Flamingo Pose

The Real Lesson Of Art Investing


Art is a little understood investment. The act of purchasing art is an investment in time, money, and energy.  The news is always full of multi-million dollar paintings being bought and sold at unreal prices.  Art is also a favorite play toy investment of the wealthy.  After all, not everyone can afford to hang a Picasso in their home.

Of course there is always the lucky few like Jinty Stephenson who bought the painting Boys with New Ties by Sir Peter Blake back in 1950’s for about $45. That painting is now worth about $534,000.

That’s a great return on a monetary investment. Some critics  say that there was no possible way that she knew she would own such an expensive masterpiece.   This is true. For instance take our work Flamingo Pose.  I don’t know if this work will be famous in 30 years.  No one does.

But this concept works the same for all investments. Who wouldn’t wish they had invested in IBM in the 70’s, or even Microsoft when they got started.

Truly, every once in while an investment pays huge dividends. But, that is not what she was thinking when she bought the painting. No, she was thinking how much she wanted the painting because she liked it. It brought enjoyment.  That work of art spoke to her in a way that others in the gallery did not. She enjoyed that work and visualized it hanging in her house.  Indeed, in Artnet she says:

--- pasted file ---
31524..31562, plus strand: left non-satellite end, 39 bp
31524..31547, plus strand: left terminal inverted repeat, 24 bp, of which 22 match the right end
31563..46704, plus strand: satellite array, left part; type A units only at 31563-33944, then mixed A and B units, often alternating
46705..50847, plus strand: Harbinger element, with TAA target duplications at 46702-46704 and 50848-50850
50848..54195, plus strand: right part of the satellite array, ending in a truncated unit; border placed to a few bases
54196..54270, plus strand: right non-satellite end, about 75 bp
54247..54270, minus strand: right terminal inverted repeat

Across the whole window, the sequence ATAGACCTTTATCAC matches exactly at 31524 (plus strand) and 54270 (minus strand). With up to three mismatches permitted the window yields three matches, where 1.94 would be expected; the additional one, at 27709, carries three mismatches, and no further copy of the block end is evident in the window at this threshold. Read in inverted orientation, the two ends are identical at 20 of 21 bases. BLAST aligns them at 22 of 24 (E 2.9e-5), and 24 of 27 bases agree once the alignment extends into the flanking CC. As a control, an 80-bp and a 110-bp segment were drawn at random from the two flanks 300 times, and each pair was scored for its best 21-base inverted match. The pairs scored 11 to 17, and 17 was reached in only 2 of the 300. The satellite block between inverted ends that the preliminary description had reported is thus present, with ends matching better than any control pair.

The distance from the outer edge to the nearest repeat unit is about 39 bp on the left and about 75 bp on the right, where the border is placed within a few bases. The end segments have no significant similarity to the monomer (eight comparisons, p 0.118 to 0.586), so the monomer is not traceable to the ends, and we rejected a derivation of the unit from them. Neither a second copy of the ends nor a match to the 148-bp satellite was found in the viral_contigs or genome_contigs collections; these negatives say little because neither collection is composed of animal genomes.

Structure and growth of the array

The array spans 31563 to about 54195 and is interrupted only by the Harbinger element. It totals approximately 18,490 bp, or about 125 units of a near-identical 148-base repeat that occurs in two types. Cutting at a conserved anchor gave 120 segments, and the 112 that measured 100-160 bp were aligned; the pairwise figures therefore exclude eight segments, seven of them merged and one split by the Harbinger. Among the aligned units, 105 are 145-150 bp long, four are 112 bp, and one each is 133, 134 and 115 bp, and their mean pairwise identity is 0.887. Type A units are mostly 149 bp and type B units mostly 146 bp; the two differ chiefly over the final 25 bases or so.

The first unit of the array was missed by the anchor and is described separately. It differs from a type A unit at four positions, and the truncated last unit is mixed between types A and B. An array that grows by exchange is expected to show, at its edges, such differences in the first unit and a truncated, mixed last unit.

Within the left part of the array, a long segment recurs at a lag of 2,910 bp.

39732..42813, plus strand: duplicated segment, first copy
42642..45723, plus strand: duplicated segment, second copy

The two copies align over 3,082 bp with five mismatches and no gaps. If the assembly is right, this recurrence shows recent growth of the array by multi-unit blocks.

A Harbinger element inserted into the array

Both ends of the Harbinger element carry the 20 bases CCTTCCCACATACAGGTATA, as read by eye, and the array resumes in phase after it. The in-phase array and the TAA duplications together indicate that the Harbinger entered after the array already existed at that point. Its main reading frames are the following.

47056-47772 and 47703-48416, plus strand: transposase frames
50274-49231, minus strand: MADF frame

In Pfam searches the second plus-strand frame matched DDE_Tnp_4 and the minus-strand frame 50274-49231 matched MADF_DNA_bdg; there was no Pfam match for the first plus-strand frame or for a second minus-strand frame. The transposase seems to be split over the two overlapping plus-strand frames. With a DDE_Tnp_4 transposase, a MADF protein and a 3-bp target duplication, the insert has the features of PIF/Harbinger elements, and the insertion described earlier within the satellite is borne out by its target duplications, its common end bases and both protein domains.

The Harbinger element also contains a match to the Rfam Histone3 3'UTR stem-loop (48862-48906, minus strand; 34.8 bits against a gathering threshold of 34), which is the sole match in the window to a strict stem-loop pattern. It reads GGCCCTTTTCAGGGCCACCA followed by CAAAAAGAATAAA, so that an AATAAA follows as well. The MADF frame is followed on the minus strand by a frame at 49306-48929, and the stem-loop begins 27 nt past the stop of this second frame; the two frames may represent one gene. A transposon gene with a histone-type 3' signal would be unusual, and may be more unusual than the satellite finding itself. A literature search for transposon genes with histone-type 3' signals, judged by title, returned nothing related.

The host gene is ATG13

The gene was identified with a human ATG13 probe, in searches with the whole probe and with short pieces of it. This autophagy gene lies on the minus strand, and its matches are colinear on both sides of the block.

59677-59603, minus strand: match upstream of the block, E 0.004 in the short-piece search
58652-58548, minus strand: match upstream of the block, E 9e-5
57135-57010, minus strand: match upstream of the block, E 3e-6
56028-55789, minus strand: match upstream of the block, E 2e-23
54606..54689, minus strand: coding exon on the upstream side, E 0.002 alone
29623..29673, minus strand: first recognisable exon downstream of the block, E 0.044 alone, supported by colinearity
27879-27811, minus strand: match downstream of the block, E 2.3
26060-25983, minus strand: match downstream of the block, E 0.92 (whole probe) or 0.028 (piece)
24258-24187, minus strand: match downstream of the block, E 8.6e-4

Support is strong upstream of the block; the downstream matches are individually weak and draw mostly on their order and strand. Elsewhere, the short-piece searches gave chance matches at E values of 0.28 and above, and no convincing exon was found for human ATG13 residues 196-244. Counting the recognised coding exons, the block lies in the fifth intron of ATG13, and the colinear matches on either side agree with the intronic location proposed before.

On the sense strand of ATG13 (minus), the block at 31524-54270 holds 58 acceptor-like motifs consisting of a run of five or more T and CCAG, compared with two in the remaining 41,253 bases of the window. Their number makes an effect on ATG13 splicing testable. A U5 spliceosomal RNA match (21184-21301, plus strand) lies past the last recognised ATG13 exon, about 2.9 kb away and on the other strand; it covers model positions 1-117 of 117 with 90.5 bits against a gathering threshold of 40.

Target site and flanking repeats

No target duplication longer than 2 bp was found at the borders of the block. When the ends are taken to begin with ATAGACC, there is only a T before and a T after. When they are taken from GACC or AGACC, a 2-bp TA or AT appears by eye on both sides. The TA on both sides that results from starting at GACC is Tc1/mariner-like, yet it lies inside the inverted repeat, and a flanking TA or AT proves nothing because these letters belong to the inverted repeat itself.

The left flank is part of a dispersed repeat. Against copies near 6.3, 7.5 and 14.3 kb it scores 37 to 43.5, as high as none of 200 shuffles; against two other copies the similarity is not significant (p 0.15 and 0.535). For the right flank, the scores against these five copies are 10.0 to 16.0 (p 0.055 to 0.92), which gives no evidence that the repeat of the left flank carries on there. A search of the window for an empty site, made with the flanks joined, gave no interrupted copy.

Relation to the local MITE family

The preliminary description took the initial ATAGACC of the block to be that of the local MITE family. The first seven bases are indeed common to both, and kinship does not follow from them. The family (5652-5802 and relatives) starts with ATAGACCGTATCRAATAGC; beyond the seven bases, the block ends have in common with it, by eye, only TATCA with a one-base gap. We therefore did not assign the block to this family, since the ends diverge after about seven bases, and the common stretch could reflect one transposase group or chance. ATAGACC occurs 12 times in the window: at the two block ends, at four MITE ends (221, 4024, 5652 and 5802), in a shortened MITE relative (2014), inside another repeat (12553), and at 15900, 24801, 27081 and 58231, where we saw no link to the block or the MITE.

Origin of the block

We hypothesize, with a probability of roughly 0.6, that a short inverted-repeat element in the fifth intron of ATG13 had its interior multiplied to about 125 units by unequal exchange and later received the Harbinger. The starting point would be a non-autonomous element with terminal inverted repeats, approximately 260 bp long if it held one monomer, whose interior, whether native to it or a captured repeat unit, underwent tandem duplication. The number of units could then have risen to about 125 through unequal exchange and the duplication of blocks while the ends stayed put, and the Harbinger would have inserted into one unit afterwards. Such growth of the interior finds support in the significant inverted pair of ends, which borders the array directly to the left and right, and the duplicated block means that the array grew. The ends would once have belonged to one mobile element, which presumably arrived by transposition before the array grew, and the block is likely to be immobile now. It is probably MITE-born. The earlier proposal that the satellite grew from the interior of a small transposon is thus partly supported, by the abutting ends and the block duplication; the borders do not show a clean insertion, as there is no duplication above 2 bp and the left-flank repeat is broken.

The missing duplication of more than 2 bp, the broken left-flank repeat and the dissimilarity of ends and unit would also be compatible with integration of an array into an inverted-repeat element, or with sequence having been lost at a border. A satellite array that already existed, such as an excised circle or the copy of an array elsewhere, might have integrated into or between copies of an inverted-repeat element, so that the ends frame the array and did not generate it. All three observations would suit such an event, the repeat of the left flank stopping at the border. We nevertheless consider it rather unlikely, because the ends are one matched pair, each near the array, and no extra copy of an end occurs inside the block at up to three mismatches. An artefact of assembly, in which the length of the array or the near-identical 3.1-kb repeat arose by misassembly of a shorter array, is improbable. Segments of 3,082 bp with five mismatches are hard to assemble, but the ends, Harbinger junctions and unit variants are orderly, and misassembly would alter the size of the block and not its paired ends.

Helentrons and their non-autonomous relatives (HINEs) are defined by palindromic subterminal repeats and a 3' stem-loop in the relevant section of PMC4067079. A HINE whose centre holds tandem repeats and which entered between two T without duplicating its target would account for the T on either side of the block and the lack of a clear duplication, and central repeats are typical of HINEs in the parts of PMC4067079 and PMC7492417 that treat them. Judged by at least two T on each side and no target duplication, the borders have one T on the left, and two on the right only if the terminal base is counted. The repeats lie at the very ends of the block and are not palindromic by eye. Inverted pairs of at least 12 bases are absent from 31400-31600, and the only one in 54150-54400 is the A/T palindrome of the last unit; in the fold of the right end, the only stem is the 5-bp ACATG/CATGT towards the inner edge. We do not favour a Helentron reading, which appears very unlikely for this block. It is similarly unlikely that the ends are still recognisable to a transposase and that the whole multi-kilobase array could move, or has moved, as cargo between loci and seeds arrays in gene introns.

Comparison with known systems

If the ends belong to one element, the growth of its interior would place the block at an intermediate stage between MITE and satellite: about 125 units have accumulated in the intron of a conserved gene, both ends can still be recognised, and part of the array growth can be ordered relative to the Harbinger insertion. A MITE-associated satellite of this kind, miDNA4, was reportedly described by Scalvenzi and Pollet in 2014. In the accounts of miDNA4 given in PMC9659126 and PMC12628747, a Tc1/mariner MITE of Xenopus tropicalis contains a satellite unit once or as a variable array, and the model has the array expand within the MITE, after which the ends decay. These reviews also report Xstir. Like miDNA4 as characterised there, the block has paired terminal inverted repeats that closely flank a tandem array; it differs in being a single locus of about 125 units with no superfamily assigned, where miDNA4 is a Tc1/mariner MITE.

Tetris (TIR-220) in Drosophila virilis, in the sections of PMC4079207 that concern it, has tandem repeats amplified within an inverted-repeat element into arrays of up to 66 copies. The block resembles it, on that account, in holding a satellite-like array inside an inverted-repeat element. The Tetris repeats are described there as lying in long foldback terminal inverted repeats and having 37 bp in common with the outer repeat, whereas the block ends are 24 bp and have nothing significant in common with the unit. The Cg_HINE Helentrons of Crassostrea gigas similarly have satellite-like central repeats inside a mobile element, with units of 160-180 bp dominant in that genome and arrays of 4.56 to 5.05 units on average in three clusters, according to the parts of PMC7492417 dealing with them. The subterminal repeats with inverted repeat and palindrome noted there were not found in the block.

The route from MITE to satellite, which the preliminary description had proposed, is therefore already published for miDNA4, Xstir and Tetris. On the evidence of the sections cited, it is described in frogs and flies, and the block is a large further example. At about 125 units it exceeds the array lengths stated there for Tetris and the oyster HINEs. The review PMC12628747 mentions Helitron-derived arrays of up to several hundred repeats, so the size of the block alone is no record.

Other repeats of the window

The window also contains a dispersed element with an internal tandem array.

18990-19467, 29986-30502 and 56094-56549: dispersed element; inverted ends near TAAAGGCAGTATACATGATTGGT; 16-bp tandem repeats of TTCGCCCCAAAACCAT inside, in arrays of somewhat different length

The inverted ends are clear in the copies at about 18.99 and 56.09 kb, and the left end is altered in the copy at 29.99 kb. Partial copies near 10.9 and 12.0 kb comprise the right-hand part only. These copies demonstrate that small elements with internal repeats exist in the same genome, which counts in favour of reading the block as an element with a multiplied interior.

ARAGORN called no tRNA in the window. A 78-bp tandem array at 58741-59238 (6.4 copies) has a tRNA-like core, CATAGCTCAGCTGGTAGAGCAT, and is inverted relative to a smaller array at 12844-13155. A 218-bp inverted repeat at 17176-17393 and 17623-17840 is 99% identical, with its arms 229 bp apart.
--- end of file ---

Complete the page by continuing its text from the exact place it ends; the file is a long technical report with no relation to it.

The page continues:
“It’s given me enormous pleasure over the years, and has always had pride of place wherever I’ve lived.”

That is the real lesson on art being an investment. That enjoyment is the real return on your investment.  Art exists to entertain and even to educate. You purchase a piece because you like the piece.  If you don’t purchase pieces you like, then you are not investing in art wisely.

Flamingo Pose
Flamingo Pose.  Could this be the next big thing?

If I’m in a gallery and I see a work of art I love, I don’t worry about what it is worth in 20 years, just where I’m going to put it when I get home.   Leave the magic of monetary gain to time and jealousy of your friend’s desire to own my work.

If my work continues gaining in value to an extreme amount of money over the years that you enjoy it on your wall then so much the better.  Regardless, you enjoyed it and that was the real investment.

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